Menu Close

Articles on Gulf Coast

Displaying all articles

A scientist checks on a young bull shark in Texas. Philip Matich

Baby bull sharks are thriving in Texas and Alabama bays as the Gulf of Mexico warms

The Gulf Coast has seen big jumps in baby bull shark numbers. As adults, these are among the most aggressive species of sharks, but the babies aren’t cause for concern, as three scientists explain.
A heat exchanger and transfer pipes at Dominion Energy’s Cove Point LNG Terminal in Lusby, Md. AP Photo/Cliff Owen

Biden’s ‘hard look’ at liquefied natural gas exports raises a critical question: How does natural gas fit with US climate goals?

The US, a minor liquefied natural gas supplier a decade ago, now is the world’s top source. That’s good for energy security, but bad for Earth’s climate. An energy scholar explains the trade-offs.
Repairing storm damage is expensive, and insurance covers less than many people realize. Sean Rayford/Getty Images

Flood risk ratings: Translating risk to future costs helps homebuyers and renters grasp the odds

Telling people they have a flood risk rating of 10 is less powerful than explaining how much they’re likely to pay to deal with flooding over the next five years.
Kemp’s ridley sea turtles are an endangered species that live and nest in the Gulf of Mexico. National Park Service/WikimediaCommons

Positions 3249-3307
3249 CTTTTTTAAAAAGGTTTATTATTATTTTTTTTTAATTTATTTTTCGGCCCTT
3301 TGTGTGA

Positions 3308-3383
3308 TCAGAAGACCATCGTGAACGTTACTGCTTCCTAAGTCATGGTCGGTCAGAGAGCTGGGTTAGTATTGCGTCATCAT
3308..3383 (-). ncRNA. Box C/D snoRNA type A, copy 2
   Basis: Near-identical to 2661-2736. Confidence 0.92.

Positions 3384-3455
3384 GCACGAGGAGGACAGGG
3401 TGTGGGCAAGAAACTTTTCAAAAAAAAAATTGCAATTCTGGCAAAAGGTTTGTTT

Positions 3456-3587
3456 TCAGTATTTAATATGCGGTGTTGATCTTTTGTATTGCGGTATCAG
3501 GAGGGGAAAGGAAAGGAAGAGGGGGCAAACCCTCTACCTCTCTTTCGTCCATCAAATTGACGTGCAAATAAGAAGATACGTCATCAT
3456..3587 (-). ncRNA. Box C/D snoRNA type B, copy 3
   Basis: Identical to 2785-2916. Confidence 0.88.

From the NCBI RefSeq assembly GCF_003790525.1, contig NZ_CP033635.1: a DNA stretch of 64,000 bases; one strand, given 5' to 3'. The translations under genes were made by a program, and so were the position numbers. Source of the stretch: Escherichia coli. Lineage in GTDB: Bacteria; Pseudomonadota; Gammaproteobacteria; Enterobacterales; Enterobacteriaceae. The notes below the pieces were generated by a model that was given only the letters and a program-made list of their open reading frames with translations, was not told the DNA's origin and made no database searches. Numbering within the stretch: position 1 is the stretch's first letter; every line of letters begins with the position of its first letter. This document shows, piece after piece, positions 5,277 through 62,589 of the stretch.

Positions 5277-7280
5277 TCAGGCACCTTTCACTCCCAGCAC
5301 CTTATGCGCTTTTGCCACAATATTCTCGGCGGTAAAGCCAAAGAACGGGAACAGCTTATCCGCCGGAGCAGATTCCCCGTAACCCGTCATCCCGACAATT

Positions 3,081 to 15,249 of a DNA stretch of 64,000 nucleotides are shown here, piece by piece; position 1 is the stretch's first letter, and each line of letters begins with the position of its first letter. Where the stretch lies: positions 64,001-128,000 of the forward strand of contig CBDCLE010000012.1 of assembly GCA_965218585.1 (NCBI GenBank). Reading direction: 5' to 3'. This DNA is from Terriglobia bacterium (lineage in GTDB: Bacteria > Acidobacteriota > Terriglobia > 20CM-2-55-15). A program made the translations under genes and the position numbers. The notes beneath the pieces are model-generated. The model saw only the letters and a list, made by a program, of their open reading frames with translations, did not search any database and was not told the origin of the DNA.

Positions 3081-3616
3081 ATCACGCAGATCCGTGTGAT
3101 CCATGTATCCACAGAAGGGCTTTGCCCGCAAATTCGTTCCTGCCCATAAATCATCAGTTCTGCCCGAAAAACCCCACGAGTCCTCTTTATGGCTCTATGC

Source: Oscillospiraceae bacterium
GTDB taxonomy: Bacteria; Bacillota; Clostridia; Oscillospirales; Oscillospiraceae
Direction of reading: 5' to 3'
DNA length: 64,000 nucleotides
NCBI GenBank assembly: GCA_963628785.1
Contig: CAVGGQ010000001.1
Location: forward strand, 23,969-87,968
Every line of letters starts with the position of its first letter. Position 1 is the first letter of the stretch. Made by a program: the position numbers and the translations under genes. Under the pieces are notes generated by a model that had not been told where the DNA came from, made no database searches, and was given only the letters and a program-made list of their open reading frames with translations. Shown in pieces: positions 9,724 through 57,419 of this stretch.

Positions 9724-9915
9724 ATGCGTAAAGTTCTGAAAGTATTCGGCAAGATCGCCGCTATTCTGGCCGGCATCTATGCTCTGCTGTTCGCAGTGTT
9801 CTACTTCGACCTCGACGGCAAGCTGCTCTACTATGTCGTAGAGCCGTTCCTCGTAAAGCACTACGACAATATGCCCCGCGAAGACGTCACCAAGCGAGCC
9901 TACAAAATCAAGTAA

Scientists at work: Helping endangered sea turtles, one emergency surgery at a time

For the endangered Kemp’s ridley sea turtle, every individual matters. A team of veterinarians and biologists has formed a network along the Gulf Coast to save injured sea turtles and the species.
Hurricane Harvey set up a rare natural experiment to study the effects of fishing. NOAA via Wikipedia

When hurricanes temporarily halt fishing, marine food webs recover quickly

Hurricane Harvey destroyed the fishing infrastructure of Aransas Bay and reduced fishing by 80% over the following year. This removed humans from the trophic cascade and whole food webs changed.
Surf threatens beach houses on Dauphin Island, Alabama, September 4, 2011 during Tropical Storm Lee. AP Photo/Dave Martin

Why are Atlantic and Gulf coast property owners building back bigger after hurricanes?

‘Building back better’ refers to making communities more disaster-proof and resilient after they take a hit. But instead, some US owners are building back bigger homes in vulnerable places.
A motorist drives through “nuisance flooding” in Charleston, SC, Oct. 1, 2015. AP Photo/Stephen B. Morton

An X-factor in coastal flooding: Natural climate patterns create hot spots of rapid sea level rise

Climate change is raising global sea levels. Now research shows that ‘hot spots’ where seas rise another 4 to 5 inches in five years can occur along the Atlantic and Gulf coasts, further magnifying floods.

Top contributors

More